Walk through a city and it’s easy to see that different neighborhoods feature certain components – office buildings line the streets, manufacturing plants are grouped together away from residential housing or adjacent buildings have the same height or architecture. These similarities are the result of zoning, a type of city planning which regulates how land can be developed and used.
What Is Zoning?
Zoning is a set of rules that establish how land and properties may be developed and used. It does this by specifying the areas in which commercial, industrial and residential activities may take place. For instance, if an area is zoned as residential, then a developer could construct new residential homes but not truck stops or manufacturing plants. Many governments break down the categories further, so a residential district might allow for single-family homes but not apartment complexes.
Zoning is the primary tool in a city planner’s arsenal for shaping a city and planning for its future development. If a city sees a need for higher-density housing, for example, it might zone a neighborhood for duplexes and apartment buildings. If it wants to become an entertainment hub, it might zone an area for cinemas, bowling alleys, clubs and amusement arcades.
Zoning also covers rules about lot sizes, building heights, delivery times and other standards. The idea is to protect residents from unnecessary noise and disruption and to preserve the character of the neighborhood.
Read More: Low-Density Residential Zoning Definition
Zoning Laws Can Change
The important thing to know about zoning is that it’s not permanent. Zoning laws can, and have been, relaxed to take account of a community’s evolving needs. It’s certainly not impossible for a vacant lot in a residential zone to be be reclassified as C-2 to enable the development of a hotel complex or student dormitories, for instance, if that's what the community needs.
What Do the Letters in a Zoning Code Mean?
Zoning is a city, county or municipal affair. This means that each community has its own rules and may adopt a different classification system to that of its nearest neighbor. Generally though, a jurisdiction uses a letter to designate the primary zoning of a particular area – C for commercial, R for residential and so on. Here are the most common zone classifications:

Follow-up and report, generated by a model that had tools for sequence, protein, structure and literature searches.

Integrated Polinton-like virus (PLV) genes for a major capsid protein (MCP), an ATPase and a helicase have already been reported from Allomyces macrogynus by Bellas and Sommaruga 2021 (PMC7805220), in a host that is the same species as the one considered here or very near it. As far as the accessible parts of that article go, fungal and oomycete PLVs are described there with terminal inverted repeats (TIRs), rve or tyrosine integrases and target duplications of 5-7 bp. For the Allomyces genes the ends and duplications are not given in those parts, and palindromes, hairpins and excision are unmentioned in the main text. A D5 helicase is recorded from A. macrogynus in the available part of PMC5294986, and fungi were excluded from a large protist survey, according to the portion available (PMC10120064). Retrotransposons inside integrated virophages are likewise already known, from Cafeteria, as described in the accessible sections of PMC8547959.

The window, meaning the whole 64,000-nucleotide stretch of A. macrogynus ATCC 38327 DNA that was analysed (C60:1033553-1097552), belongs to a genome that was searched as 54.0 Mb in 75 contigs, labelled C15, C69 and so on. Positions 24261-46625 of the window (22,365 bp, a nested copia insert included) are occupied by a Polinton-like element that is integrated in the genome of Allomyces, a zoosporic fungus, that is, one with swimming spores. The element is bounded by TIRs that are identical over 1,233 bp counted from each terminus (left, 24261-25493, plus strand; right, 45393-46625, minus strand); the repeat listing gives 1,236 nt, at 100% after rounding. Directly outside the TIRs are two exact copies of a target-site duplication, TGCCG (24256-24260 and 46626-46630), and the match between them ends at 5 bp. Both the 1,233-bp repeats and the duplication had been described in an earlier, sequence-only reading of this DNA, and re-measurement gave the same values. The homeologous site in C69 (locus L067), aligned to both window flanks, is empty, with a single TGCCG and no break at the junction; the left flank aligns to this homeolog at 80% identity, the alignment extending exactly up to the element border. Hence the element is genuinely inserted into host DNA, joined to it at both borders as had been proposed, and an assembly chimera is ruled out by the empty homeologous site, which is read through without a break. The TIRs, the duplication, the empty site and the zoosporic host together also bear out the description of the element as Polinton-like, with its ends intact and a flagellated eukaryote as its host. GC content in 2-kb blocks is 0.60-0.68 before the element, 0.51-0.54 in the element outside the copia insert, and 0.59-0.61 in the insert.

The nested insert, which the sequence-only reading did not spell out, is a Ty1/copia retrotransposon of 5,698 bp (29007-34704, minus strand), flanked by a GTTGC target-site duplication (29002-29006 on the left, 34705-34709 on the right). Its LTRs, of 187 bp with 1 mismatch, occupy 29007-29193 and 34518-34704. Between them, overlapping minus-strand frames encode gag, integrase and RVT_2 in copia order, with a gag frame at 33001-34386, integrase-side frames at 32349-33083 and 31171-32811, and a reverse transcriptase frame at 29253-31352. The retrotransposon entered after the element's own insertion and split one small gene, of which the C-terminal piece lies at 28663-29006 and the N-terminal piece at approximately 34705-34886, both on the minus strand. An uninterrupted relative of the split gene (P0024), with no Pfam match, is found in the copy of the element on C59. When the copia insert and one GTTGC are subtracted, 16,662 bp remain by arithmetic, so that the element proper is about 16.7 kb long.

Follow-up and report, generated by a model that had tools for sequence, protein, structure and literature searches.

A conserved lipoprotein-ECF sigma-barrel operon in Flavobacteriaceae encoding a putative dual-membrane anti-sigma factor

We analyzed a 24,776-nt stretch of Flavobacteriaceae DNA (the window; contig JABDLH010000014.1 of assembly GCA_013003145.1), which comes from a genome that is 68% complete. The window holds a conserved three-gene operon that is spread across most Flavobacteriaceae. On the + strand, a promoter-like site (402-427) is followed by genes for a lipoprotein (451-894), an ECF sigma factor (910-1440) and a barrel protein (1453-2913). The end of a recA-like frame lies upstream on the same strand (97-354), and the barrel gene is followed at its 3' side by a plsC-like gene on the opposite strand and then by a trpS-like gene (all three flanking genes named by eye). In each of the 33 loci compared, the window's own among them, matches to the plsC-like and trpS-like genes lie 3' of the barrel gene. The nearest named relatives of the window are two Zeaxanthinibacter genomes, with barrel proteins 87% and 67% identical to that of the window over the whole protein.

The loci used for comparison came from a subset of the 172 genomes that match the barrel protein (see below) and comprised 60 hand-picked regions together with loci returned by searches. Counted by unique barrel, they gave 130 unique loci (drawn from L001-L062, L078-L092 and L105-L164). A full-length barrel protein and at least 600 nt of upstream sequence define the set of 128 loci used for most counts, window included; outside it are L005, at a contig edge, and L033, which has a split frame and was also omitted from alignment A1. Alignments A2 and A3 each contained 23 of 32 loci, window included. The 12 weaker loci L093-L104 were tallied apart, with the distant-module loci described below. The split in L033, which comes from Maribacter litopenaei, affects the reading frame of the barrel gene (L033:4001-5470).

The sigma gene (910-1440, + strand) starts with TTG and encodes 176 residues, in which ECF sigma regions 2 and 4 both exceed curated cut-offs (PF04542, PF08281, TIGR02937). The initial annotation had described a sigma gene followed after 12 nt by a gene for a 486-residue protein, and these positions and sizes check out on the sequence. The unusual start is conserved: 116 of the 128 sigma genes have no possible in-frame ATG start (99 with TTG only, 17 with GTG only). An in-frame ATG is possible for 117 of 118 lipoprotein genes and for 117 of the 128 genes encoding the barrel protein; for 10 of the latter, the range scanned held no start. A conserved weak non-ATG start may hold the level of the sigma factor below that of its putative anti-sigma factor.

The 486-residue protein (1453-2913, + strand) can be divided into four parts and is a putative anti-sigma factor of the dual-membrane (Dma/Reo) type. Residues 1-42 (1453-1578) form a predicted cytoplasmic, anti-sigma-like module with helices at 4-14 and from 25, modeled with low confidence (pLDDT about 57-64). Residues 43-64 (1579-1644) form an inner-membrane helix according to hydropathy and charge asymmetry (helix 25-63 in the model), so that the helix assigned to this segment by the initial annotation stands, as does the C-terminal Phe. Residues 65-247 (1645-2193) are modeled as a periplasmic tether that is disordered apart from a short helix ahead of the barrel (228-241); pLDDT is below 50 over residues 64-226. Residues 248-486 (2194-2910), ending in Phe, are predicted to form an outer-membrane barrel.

- R – Residential Zoning (housing)
- C – Commercial Zoning (offices, shops, hotels, restaurants, banks and similar establishments that require some interaction with the public)
- I – Industrial Zoning (manufacturing businesses, warehouses, even airports)
- A – Agricultural Zoning (farms)
Many communities also make provision for mixed development that typically blend multiple zoning uses, allowing for homes, workplaces and entertainment spaces to be constructed within a single building, community or neighborhood.
What Do the Numbers in a Zoning Code Mean?
The number in a zoning code breaks the primary use into sub-levels. So, for example, R1 might cover single family homes, R2 apartments and duplexes, and R3 might cover trailer parks. Commercial zoning usually has multiple categories covering everything from office buildings, retail stores and restaurants to shopping malls, hotels, nightclubs, museums, libraries, gas stations and drive-thru facilities. New York City has eight separate commercial (C) categories, and each category is quite prescriptive about the type of business that can be carried out in each zone.
Zoning symbols vary among communities. A C-2 zone in one community will not be the same as a C-2 in another community. Anyone looking at opening a commercial business should check the local zoning laws with the local planning agency to ensure that a C-2 designation in that community covers exactly what is needed.
Most communities use letters and numbers as abbreviations to designate what type of development is permitted in a certain area. C-2 zoning means Commercial, Level 2. It usually covers general commercial, office and retail usage, though there may be limits as to what kinds of businesses can be opened in the C-2 zone. Each community has its own guidance.
Jayne Thompson earned an LL.B. in Law and Business Administration from the University of Birmingham and an LL.M. in International Law from the University of East London. She practiced in various “Big Law” firms before launching a career as a commercial writer. Her work has appeared on numerous legal blogs including Quittance, Upcounsel and Medical Negligence Experts.